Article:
Supreme Court Rules In Taxpayer’s Favor On FBAR Penalties

Preface: “The whole object of travel is not to set foot on foreign land; it is at last to set foot on one’s own country as a foreign land.” – G. K. Chesterton

Supreme Court Rules In Taxpayer’s Favor On FBAR Penalties

Kelly Phillips Erb 

Alexandru Bittner, a Romanian–American dual citizen, made a mistake when he failed to report his foreign accounts. That much is clear. Neither he nor the IRS has ever suggested that his failure to report funds held in foreign bank accounts was willful. What has been disputed is how much he should pay for that mistake. The answer to that question is $50,000 or $2.72 million—depending on who you ask.

Today, the Supreme Court offered its response: $50,000.

In the 1980s, Bittner moved to the United States, and he eventually became a U.S. citizen. In the 1990s, Bittner returned to Romania, where he became quite successful, generating over $70 million in income through businesses and investment ventures. As he earned income, he stashed it in a number of institutions, including foreign banks.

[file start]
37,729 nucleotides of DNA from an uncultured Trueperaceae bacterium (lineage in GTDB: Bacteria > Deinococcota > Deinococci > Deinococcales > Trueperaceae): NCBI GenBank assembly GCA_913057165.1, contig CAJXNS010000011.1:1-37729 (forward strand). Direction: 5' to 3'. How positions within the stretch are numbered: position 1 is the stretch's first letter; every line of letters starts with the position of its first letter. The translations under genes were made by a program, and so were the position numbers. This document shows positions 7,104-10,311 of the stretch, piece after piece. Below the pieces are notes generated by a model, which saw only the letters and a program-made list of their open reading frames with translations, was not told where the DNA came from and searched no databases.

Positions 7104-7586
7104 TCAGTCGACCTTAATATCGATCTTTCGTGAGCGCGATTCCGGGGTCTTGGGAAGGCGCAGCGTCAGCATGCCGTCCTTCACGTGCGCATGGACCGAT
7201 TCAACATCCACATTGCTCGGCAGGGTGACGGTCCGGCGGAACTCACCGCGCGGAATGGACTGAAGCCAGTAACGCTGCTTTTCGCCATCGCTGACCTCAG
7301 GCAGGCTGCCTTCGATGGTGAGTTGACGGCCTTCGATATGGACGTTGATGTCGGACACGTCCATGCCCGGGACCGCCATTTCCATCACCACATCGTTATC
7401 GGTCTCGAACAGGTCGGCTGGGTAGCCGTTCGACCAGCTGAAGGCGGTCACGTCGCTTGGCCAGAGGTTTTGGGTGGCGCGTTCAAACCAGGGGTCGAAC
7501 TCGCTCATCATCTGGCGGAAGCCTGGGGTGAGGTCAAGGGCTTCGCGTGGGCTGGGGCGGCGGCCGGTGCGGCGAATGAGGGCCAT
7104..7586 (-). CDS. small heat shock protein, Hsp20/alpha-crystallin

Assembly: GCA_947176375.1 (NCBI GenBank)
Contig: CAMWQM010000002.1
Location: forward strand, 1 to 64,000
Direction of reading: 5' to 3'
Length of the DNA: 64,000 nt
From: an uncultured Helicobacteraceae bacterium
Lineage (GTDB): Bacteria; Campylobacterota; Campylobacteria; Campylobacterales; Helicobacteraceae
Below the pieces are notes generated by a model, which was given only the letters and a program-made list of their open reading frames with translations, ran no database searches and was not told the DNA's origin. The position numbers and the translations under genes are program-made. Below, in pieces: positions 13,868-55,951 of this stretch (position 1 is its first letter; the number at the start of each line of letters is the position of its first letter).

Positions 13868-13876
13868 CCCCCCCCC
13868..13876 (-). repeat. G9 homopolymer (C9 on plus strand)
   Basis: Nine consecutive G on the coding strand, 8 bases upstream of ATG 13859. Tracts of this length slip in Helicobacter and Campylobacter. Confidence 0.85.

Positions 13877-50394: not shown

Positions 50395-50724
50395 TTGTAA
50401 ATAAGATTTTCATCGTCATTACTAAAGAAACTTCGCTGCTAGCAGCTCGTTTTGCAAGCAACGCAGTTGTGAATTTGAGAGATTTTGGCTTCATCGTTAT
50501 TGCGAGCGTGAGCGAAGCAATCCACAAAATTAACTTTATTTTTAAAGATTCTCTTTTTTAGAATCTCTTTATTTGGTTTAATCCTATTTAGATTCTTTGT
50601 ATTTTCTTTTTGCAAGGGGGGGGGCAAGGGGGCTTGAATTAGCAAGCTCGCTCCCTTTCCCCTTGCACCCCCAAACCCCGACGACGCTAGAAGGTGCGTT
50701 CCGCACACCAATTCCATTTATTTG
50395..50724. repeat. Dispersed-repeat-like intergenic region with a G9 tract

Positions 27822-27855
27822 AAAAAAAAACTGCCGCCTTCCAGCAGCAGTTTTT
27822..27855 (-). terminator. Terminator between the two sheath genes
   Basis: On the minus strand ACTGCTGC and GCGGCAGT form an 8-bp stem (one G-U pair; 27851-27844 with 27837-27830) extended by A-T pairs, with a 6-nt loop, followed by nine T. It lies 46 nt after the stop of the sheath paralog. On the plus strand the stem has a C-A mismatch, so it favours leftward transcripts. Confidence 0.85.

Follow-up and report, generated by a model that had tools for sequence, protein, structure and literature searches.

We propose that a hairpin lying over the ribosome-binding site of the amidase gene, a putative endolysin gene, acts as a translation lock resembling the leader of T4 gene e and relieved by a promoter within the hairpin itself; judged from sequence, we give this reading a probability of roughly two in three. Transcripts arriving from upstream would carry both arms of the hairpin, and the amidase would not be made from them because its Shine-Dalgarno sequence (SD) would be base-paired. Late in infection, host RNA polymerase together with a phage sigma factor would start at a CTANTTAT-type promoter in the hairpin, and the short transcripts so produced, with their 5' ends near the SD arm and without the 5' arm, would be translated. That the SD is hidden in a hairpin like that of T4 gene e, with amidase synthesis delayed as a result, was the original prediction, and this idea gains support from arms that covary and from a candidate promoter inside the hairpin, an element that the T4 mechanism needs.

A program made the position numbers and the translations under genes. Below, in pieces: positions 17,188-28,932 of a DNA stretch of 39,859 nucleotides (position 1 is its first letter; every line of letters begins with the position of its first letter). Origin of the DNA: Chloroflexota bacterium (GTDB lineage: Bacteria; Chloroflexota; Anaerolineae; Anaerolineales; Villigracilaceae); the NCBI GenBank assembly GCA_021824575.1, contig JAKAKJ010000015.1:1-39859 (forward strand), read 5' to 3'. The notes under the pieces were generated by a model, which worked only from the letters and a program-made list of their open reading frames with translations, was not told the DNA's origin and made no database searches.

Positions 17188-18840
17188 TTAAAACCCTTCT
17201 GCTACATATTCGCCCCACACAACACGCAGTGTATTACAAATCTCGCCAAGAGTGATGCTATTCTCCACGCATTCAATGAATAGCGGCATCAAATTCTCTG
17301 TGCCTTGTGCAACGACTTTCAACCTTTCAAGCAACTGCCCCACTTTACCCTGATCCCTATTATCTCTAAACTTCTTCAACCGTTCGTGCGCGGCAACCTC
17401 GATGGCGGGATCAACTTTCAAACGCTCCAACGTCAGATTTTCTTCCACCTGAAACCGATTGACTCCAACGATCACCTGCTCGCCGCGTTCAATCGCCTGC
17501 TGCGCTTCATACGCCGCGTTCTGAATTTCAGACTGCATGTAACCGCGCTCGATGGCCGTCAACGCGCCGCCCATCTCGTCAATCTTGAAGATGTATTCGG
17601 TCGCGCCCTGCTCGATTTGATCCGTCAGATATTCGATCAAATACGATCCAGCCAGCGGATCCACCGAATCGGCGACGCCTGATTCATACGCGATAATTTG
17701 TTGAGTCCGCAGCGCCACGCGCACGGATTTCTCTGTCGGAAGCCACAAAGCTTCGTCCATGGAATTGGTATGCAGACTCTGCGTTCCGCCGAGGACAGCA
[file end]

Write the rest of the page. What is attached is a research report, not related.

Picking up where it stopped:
As part of the Bank Secrecy Act (31 USC §5314), every U.S. person with a financial interest in, or signature or other authority over, one or more foreign financial accounts with an aggregate value of more than $10,000 must annually report the account to the Treasury Department. You do this by filing a Report of Foreign Bank and Financial Accounts—more commonly known as an FBAR. Failure to report can result in a penalty, depending on whether the failure was willful or non-willful. The penalties can be draconian, but typically, the penalty for a non-willful violation is $10,000.

Supreme Court Rules In Taxpayer’s Favor On FBAR Penalties: Forbes


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